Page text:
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Blades in the Dark and Kickstarter Ethics

Skywalker

Back Off the Buddha!
Validated User
Interestingly I remember this KS being held out as being an example of proper value for money compared to other KSs, some of which have fully delivered in a timely fashion.
 

Gorilla Zod

I can see for miles and miles
Validated User
When I back a kickstarter - and I back a lot of rpg kickstarters - I have learned to think of stretch goals as marketing hype. The core product's the thing; stretch-goals are quite often just that: a stretch of the imagination, both on the part of the creators and the investors.
 

Mondo231

New member
Banned
Kickstarters are not a preorder, but a venture.
Another term would be a gamble, or investment.

You put up money hoping that the project will work out and you'll get a payoff, but there are no guarantees. The only ethic involved was if the person starting the KS genuinely intended to see the thing through from the start.

If he or she did, then all that has happened is you lost your bet.
 

macd21

Registered User
Validated User
‘Venture,’ ‘gamble’ and ‘investment’ are poor words to describe Kickstarters Pre-order is in fact the right term. That is what a KS like blades is. It is no more of a gamble or venture than any other pre-order. You order the goods and the creator is obliged to deliver them. Putting them up on KS instead of your own site (or Amazon or whatever) doesn’t change that.
 

Mondo231

New member
Banned
‘Venture,’ ‘gamble’ and ‘investment’ are poor words to describe Kickstarters Pre-order is in fact the right term. That is what a KS like blades is. It is no more of a gamble or venture than any other pre-order. You order the goods and the creator is obliged to deliver them. Putting them up on KS instead of your own site (or Amazon or whatever) doesn’t change that.
So there was a contractual agreement?

Most KS I have seen, and I will freely admit that I had not made a detailed study, were more of 'if we get X funds you will get the book plus rewards based upon your investment'.

That is not a sale, but an investment into a project, and the basis of it was a conditional response: IF enough money was raised, X, Y, and Z would happen.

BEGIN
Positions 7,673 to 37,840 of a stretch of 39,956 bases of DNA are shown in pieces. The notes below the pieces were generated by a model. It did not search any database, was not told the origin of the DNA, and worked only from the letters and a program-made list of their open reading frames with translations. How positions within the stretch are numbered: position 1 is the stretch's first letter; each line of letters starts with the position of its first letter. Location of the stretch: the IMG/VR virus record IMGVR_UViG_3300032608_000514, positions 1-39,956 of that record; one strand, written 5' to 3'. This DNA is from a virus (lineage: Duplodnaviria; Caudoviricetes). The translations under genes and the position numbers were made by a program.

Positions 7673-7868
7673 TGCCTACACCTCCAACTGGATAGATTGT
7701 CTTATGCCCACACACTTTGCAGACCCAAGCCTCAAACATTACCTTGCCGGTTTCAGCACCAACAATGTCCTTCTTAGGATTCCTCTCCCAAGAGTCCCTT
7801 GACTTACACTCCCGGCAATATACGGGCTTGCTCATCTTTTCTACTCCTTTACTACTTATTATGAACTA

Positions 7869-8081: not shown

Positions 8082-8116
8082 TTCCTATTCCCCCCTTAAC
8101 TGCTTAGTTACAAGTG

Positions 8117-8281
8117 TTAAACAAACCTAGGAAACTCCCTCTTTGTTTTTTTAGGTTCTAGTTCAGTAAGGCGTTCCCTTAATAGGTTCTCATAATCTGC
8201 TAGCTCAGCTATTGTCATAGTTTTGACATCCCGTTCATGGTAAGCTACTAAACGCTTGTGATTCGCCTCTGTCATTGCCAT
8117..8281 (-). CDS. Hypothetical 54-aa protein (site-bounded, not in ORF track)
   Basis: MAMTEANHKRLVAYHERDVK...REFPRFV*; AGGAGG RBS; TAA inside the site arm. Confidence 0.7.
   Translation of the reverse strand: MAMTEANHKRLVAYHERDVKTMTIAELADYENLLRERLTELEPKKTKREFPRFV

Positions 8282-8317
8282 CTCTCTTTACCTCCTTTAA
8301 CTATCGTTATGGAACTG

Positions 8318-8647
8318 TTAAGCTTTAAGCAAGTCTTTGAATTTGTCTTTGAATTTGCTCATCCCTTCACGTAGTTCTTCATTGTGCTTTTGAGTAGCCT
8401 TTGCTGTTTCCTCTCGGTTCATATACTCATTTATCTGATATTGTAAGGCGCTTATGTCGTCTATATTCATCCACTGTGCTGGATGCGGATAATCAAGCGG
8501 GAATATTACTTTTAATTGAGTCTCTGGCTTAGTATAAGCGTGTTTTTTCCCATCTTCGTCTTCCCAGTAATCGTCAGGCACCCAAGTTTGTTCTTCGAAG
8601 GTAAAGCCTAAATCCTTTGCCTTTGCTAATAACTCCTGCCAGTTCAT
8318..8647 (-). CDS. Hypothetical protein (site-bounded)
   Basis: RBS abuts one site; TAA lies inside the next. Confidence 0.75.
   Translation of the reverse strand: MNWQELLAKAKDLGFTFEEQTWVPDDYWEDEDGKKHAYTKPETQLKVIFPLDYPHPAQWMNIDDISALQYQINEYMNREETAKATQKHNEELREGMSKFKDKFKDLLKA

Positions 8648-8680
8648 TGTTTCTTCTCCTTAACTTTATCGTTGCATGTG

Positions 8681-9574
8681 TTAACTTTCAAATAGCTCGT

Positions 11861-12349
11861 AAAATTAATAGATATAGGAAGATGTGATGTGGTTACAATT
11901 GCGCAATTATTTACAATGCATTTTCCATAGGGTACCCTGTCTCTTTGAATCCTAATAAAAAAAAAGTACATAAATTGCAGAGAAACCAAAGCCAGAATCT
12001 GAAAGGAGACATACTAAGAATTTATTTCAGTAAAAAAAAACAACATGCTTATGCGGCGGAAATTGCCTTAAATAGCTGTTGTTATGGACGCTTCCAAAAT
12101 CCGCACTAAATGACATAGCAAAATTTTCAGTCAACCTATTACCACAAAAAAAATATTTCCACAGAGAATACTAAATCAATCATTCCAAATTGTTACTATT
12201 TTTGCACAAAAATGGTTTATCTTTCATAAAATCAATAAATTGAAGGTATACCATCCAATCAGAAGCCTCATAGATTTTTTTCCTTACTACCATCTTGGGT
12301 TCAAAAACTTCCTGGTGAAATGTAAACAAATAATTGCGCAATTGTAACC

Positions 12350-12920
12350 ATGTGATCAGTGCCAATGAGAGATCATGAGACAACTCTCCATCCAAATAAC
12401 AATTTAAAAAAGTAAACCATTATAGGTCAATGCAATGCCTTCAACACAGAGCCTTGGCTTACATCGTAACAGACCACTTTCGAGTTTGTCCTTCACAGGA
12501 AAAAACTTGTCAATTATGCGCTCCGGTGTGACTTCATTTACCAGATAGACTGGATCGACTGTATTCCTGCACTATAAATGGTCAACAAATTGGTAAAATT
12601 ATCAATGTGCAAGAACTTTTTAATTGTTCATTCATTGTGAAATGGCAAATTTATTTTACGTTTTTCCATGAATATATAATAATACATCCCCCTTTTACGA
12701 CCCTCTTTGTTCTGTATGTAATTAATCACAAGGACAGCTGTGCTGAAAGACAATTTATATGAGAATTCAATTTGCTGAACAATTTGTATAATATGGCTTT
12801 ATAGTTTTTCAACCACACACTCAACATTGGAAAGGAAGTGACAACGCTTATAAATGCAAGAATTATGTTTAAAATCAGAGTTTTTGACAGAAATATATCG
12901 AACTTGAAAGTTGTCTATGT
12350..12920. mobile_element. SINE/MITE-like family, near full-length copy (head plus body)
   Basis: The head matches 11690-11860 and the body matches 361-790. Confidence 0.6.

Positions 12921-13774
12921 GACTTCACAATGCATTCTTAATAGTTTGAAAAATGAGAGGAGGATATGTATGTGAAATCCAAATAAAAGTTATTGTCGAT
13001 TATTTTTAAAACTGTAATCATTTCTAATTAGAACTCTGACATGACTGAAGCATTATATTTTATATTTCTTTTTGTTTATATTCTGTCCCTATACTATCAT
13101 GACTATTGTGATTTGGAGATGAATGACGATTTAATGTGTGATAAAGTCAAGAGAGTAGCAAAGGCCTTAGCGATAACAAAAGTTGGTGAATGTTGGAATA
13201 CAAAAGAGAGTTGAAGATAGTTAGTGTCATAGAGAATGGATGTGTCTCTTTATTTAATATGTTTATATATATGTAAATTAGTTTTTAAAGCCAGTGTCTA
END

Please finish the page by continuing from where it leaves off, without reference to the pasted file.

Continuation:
So if they did not raise sufficient money, you lose your investment. That was why those who risked more received a greater payoff.

Amazon puts up a contractual agreement: the product or a refund, as it is a site devoted to one thing: commercial transactions. It will engage in pre-orders for high-demand goods, but the contract remains.
 

Shining Dragon

Tough Tiger Fist
Validated User
‘Venture,’ ‘gamble’ and ‘investment’ are poor words to describe Kickstarters Pre-order is in fact the right term. That is what a KS like blades is. It is no more of a gamble or venture than any other pre-order. You order the goods and the creator is obliged to deliver them. Putting them up on KS instead of your own site (or Amazon or whatever) doesn’t change that.
I agree. If most people take part in a kickstarter at a level that has a product attached, then it is more like a pre-order than an "investment". This video discusses this with regards to the robotech tactics kickstarter.

The thing about stretch goals is that, most of the time, people aren't paying more for them than their initial payment for a physical and/or pdf product. So can you consider a stretch goal as part and parcel of the initial payment, especially if you are someone who takes part in the kickstarter before any stretch goals are announced/reached?
 

Random Task

Substandard Henchman
Validated User